Open Access
 Total Downloads : 522
 Authors : Venkat Ramana Reddy Anchuri, Swarna Enugala, Raghavendar Inguva
 Paper ID : IJERTV2IS120115
 Volume & Issue : Volume 02, Issue 12 (December 2013)
 Published (First Online): 18122013
 ISSN (Online) : 22780181
 Publisher Name : IJERT
 License: This work is licensed under a Creative Commons Attribution 4.0 International License
Performance Analysis of Indirect Vector Controlled Induction Motor Drive Using PI & Fuzzy Logic Controllers
Venkat Ramana Reddy Anchuri1, Swarna Enugala2, Raghavendar Inguva3
1PG Student, Department of Electrical & Electronics Engineering, TKR Engineering College, Hyderabad, AP, India 2 Asst. Prof, Department of Electrical & Electronics Engineering, CMR Engineering College, Hyderabad, AP, India 3Assoc. Prof, Department of Electrical & Electronics Engineering, TKR Engineering College, Hyderabad, AP, India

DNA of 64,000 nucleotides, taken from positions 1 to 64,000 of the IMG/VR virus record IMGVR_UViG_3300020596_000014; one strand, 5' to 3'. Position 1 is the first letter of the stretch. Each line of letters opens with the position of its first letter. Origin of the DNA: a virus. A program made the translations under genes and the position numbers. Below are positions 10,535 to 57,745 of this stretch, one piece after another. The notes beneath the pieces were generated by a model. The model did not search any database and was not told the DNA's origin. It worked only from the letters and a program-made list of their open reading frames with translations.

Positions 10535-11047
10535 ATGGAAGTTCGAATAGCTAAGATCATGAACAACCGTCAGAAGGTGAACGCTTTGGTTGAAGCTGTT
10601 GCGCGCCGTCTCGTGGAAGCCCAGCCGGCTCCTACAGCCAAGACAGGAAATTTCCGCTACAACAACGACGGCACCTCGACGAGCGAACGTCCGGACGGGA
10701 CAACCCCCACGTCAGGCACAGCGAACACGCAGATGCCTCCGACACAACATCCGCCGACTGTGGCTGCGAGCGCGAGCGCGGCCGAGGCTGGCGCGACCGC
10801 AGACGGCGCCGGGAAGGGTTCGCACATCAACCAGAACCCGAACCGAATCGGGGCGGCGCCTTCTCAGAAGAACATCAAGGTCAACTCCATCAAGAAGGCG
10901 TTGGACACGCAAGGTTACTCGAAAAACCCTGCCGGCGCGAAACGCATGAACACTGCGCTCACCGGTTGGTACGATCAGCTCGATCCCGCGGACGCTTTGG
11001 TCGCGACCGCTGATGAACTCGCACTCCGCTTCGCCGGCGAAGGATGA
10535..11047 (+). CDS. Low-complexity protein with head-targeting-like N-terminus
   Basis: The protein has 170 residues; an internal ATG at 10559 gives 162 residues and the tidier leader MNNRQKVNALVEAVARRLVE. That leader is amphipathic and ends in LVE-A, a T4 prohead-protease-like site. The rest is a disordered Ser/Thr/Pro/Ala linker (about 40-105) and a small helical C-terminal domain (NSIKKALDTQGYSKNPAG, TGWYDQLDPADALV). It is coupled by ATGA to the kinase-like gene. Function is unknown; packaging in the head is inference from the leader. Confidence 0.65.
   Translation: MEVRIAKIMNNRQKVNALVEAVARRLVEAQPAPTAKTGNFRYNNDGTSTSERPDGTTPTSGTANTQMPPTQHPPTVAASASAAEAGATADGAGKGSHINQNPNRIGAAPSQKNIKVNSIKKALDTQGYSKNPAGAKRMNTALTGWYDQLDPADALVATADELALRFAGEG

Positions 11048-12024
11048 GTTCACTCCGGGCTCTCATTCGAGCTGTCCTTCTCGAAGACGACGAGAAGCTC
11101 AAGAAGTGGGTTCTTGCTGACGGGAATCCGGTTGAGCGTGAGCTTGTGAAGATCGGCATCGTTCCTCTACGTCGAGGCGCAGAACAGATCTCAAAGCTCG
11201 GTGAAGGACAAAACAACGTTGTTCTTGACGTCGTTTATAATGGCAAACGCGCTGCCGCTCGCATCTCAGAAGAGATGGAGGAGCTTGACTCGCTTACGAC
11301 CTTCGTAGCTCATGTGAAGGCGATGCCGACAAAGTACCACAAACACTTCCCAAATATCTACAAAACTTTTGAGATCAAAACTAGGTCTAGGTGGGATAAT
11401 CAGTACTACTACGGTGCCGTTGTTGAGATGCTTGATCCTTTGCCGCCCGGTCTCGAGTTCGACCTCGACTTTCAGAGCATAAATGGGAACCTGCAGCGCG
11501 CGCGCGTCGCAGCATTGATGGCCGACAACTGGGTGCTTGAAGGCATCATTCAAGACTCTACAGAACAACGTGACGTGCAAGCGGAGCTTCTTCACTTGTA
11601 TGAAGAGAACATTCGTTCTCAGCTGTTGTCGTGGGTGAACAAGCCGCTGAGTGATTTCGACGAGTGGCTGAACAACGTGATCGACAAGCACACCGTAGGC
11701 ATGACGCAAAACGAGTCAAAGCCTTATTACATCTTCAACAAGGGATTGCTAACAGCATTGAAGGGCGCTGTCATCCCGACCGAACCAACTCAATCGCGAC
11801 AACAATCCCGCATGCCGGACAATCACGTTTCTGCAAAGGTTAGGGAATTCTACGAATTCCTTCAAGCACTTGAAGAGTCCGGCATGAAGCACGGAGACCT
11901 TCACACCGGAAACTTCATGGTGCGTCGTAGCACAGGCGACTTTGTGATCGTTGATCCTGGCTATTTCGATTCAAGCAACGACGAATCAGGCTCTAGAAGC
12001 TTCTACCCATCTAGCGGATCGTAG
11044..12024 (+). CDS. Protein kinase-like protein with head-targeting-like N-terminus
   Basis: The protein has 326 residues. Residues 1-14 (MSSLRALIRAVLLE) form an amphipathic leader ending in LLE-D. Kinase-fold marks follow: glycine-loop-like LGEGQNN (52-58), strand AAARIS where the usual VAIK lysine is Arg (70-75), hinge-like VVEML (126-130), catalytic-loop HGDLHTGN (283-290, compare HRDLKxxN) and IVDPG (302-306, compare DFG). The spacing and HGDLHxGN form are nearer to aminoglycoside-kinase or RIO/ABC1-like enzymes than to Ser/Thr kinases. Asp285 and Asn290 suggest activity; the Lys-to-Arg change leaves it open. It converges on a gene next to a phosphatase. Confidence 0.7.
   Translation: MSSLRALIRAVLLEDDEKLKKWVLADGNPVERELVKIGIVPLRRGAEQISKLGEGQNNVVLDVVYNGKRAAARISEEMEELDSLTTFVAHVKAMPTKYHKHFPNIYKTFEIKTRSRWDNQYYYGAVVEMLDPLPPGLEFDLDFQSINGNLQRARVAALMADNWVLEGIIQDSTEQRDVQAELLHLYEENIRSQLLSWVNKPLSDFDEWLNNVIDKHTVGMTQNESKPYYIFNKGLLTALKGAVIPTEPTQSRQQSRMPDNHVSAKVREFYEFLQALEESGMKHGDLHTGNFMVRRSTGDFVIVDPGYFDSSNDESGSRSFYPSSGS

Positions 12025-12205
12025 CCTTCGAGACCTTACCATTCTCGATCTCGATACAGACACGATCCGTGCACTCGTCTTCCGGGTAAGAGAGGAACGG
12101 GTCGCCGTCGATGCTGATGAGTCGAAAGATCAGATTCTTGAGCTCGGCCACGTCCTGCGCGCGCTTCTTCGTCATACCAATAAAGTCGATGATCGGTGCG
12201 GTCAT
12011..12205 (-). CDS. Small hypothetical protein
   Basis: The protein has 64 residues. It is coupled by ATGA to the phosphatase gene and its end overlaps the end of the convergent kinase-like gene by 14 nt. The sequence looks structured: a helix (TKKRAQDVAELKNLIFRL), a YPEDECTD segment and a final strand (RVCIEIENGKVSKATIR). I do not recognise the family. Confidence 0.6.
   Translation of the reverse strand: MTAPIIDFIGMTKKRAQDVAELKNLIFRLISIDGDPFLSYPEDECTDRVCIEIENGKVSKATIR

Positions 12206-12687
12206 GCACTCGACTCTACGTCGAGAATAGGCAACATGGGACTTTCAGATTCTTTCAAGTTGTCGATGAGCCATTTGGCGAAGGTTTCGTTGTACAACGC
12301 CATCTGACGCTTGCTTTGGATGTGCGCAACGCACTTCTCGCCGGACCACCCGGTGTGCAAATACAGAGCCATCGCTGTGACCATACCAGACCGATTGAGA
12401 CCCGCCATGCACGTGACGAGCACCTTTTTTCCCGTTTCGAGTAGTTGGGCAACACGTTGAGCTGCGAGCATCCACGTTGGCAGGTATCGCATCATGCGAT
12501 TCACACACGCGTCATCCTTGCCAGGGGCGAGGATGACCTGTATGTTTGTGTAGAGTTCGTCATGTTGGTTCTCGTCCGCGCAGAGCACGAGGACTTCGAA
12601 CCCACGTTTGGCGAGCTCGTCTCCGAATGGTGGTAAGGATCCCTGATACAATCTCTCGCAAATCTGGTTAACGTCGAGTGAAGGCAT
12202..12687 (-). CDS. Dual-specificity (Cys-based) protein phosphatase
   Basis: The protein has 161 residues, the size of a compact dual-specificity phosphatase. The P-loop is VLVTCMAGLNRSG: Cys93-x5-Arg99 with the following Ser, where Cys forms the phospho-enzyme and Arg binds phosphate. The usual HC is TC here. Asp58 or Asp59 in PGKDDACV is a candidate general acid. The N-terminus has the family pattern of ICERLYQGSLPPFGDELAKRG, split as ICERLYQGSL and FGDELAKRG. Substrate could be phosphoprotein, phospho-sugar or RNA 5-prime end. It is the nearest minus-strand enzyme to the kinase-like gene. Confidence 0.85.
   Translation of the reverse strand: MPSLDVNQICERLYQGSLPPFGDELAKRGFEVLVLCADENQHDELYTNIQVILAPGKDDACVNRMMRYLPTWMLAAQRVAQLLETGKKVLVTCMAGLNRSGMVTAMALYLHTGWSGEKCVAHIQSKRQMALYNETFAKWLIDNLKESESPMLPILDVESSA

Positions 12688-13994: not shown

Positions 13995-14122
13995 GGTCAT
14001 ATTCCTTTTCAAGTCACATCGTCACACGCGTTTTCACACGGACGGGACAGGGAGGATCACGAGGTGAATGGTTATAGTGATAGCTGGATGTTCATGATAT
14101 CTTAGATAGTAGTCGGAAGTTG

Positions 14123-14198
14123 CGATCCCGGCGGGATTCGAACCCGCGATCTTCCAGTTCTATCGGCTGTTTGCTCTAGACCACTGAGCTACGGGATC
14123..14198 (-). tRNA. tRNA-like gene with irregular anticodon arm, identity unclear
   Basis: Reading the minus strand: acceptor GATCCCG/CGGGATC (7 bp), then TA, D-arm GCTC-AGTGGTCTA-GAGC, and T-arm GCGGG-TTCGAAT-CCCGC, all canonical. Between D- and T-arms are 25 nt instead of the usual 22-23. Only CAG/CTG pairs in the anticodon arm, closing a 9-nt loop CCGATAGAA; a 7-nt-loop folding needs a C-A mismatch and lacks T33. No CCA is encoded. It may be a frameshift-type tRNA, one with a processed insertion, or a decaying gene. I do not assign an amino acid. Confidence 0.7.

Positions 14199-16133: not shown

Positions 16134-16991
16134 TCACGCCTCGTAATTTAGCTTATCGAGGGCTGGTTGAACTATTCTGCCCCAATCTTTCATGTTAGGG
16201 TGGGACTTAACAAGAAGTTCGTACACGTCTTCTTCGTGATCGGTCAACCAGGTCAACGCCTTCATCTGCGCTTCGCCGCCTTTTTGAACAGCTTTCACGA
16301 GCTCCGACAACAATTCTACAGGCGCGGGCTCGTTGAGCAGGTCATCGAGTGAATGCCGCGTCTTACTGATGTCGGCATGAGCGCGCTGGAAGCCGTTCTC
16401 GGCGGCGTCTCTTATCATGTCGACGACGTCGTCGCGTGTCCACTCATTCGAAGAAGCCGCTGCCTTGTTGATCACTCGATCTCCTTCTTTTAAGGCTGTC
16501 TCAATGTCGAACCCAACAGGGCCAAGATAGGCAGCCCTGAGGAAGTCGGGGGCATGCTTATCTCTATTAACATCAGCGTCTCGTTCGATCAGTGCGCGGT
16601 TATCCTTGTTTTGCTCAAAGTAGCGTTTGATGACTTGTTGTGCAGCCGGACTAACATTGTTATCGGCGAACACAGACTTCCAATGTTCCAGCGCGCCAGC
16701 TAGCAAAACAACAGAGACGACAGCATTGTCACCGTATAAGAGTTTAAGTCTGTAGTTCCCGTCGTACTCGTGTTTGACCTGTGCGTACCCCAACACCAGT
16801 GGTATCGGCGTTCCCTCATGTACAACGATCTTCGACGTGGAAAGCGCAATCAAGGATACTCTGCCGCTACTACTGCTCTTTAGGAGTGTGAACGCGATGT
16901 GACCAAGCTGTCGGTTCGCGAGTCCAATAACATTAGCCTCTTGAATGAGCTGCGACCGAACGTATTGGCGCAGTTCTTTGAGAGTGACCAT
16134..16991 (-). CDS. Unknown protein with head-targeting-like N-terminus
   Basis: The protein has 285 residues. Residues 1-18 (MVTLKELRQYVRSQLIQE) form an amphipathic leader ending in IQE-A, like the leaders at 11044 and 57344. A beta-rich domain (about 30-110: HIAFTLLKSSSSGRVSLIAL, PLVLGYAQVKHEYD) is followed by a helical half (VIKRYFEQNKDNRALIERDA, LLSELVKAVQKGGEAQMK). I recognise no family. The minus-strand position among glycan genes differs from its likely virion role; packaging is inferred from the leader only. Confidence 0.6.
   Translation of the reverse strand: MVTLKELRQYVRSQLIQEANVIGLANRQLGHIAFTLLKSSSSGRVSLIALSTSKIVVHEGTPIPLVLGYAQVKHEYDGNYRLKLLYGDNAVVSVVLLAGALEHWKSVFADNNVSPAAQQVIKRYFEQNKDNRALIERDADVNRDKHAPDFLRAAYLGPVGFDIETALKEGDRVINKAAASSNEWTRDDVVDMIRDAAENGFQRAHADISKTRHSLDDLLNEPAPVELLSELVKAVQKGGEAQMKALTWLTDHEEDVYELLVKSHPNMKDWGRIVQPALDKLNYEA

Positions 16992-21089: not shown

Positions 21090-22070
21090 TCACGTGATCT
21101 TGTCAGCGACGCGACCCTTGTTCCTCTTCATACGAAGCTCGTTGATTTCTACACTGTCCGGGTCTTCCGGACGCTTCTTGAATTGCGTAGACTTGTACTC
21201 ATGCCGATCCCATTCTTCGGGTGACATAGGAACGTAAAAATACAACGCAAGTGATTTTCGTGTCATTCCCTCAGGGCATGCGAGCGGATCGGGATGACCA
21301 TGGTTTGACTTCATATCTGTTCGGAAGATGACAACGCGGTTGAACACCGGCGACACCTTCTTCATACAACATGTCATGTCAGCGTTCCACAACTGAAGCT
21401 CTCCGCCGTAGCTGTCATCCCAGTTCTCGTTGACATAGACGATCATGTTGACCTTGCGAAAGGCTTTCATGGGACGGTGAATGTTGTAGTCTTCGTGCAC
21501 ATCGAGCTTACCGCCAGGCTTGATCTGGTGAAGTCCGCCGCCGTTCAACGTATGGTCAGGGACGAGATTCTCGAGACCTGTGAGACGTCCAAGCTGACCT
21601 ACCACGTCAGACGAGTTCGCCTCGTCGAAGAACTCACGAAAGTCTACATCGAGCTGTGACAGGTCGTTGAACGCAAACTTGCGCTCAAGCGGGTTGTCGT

ABSTRACT
This paper proposes an effective control strategy for Indirect vector control of Induction motor using Fuzzy Inference System (FIS). The steady state & dynamic performance of the induction motor drive can be considerably improved with the proposed strategy. The Fuzzy Inference System (FIS) built with two inputs (error & change in error) & one output (command signal). This scheme doesnt require algorithms for estimation of rotor resistance when drive gets heated up which is the case with conventional PI control. The drive performance proves to be equally good even when the rotor resistance deviates from the actual value due to motor heating. The performance of the drive at different load torques & reference speeds with FIS controller against the conventional PI controller shows the effectiveness of the proposed scheme. The entire simulation study is performed using MATLAB/Simulink software using basic building blocks.
Keywords:
Fuzzy Inference System, PI controller, Fuzzy logic controller, Indirect Vector Control of Induction Motor

INTRODUCTION